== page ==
Managing the Price of Returns to On-line Retailers
What is the cost of returns to online retailers? In 2020 alone, nearly $50 billion in items were returned either back to the retailer’s return center, retail store or directly back to the retailer’s trading partner. An estimated 30 percent of all products ordered online are returned. That’s three to four times the return rate of products bought in store.
Given that returns are inevitable, how can you avoid unnecessary return costs? And how can you make returns easier for yourself, your trading partners and your consumers?
Prevent returns with the right information
If you want to reduce return costs, it’s essential to understand the reasons driving returns for purchases made online.
Common consumers return products include:
- Product did not match description
- Wrong size
- Wrong color
- Or sometimes simply “did not like”
Getting more detailed product data from your suppliers is one way to decrease the rate of returns. This involves collecting and sharing strong product attributes, details and pictures. For example, apparel retailers include attributes about fit, showing if an item is true to size or runs big/small to help consumers make a more informed decision.
With detailed product data, consumers can better understand your product before buying it. This way you reduce the likelihood of a return happening in the first place.
Reduce the rate of undeliverable packages
Did you know that 4 to 5 percent of packages mailed to U.S. consumers are undeliverable as addressed? Here are a few strategies to mitigate this issue.
- Don’t deliver products to a P.O. box
Deliveries addressed to a P.O. box are likely to be rejected. To solve this problem, do not allow P.O. boxes to be included in a ship-to address for a direct-to-consumer order. (The only exceptions to this rule are using SmartPost from FedEx or SurePost from the UEDI, both of which deliver to P.O. boxes).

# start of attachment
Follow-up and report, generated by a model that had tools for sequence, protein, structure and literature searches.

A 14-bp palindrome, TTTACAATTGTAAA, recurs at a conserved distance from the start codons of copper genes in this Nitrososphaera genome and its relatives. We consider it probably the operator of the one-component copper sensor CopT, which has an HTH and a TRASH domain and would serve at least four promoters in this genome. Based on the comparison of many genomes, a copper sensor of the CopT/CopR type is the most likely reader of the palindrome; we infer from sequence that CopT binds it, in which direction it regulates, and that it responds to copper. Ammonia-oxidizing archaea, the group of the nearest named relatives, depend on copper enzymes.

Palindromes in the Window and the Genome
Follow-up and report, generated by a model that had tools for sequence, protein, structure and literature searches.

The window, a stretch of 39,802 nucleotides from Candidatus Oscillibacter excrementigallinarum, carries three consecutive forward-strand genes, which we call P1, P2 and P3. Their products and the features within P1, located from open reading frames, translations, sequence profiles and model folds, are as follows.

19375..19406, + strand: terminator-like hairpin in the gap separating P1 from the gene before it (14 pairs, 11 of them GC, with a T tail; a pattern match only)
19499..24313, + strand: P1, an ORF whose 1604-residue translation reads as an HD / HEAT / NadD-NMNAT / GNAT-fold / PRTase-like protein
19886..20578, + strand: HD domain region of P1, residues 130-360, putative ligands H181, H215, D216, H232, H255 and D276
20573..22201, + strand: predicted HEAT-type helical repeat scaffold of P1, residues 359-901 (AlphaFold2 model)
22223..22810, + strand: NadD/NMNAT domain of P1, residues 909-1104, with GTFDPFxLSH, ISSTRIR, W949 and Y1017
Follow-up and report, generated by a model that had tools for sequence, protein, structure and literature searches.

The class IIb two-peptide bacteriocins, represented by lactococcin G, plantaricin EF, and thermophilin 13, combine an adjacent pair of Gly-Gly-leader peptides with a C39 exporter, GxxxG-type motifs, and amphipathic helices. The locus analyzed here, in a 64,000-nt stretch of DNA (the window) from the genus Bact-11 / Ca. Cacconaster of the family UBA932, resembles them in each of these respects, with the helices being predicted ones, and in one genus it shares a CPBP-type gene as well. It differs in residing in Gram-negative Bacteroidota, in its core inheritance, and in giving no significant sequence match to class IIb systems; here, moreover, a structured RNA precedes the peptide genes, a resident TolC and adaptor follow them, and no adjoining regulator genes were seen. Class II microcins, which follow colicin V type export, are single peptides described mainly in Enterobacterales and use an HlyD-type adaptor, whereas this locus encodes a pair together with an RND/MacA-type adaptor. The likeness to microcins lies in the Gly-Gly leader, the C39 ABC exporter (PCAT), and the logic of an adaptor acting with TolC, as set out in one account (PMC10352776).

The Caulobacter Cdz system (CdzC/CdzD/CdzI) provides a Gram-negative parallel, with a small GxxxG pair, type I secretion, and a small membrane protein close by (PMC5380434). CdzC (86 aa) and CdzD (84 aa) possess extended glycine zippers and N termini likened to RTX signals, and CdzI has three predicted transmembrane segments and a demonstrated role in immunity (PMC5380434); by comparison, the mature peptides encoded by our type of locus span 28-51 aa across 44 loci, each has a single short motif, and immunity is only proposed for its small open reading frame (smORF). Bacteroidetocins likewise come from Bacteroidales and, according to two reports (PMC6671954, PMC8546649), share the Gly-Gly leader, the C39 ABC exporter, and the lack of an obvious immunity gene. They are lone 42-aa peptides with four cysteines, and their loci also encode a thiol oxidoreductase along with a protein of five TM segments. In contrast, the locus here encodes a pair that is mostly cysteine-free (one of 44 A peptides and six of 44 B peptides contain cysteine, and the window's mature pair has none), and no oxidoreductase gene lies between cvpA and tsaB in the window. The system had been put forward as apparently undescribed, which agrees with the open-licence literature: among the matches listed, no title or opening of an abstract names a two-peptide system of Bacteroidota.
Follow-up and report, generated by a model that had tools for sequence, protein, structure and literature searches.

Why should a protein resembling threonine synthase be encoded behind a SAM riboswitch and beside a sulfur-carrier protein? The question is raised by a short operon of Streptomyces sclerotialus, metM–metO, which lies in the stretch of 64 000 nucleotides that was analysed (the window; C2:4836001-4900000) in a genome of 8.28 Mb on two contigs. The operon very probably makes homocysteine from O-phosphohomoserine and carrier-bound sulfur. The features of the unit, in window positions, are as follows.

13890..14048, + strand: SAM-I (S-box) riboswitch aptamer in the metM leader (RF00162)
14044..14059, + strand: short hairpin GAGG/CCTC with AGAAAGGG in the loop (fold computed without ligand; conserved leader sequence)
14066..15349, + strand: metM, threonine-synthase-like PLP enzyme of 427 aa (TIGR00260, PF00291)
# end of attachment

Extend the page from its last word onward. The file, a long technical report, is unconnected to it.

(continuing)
- Leverage order acknowledgments
Require suppliers to provide order acknowledgments for direct-to-consumer shipments. By doing so, the consumer will be notified of important delivery details. For example, the consumer can see when a package will be delivered and change delivery options if they won’t be home at that time.
- Take steps to prevent theft
Another common customer claim similar to “products not delivered” is theft. Theft of packages delivered to consumer’s homes is on the rise. To prevent this, require a signature from consumers, shipment status information from carriers, or a photo as proof of delivery.
Make returns easier with your trading partners
Finally, updating your return management policy with suppliers and automating the exchange of information about your returns process can remove some of the headaches.
Revisit the returns policy with your trading partners. This may include updating your supplier agreements to include “allowances” of invoices or a percentage of monthly/quarterly reimbursements between the two of you. Review certain products and determine if the time and cost of managing the return are worth it. For some products, it may be better to allow the consumer to keep the product and share the loss of the return.
Without automation, you and your suppliers will spend valuable time on phone calls, emails and maybe even faxes with information about each return. Plus, you will have to input and manually track returns information in a database.
Data exchanges between buying organizations and their suppliers can streamline the process. Automating returns information and including information such as indicating “destroy in field” and return instructions not only saves time and money, but also improves the consumer experience by speeding up returns processing.